From Joseph Priestley
ALS: American Philosophical Society
Leeds. 28 Novr. 1768.
According to my promise, I send you the other paper, containing an account of experiments, which I desire you would lay before the Royal Society.7 I have material for another short paper of Miscellaneous experiments, but I think it better to wait till I have enlarged on it, and completed some of the courses particularly that concerning Magnetism. I made use of one needle for a few days, and the eye turned North, when it was suspended, but its strength was very small. I have now three to collect the fire, but I have not tried them. Indeed I make but little use of my machine now, in comparison of what I used to do, and without using a machine very much, little can be expected of such an effect as this.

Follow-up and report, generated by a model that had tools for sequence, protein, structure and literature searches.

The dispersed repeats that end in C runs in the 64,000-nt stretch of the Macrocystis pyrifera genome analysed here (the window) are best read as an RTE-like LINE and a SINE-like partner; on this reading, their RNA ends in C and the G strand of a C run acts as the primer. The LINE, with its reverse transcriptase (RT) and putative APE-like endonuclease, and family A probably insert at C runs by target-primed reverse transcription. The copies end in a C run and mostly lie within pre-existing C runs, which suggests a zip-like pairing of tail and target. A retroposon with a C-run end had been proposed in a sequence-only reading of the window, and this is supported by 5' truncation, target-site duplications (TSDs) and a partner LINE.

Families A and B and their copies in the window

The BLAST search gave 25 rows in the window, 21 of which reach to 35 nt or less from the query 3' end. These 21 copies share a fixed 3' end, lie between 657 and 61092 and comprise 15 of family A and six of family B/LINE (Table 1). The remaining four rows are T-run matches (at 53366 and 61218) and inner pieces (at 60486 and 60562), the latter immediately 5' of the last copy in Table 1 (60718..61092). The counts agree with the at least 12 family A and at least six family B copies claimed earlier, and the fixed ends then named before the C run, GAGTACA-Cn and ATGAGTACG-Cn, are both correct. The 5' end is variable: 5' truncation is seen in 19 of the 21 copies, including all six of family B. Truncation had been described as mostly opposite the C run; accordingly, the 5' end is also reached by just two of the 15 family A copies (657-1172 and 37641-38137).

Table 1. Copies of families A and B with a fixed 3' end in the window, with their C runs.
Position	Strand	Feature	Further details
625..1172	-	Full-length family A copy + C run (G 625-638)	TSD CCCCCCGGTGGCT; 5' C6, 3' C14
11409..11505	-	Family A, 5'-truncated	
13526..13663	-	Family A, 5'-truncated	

I hope that our American affairs have rather a better aspect than when I had the pleasure of hearing from you last. I am, with compliments to all our electrical friends, Dear Sir your obliged friend and humble servant
Addressed: To / Doctor Franklin / at Mrs Stephens in Craven-Street / in the Strand / London
7. The paper promised earlier (Priestley to BF above, Nov. 1, 1768) was one of two, dealing with the effects of electrical explosions, which were read before the Royal Society in 1769 and published in sequence: Phil. Trans., LIX (1769), 57–62, 63–70.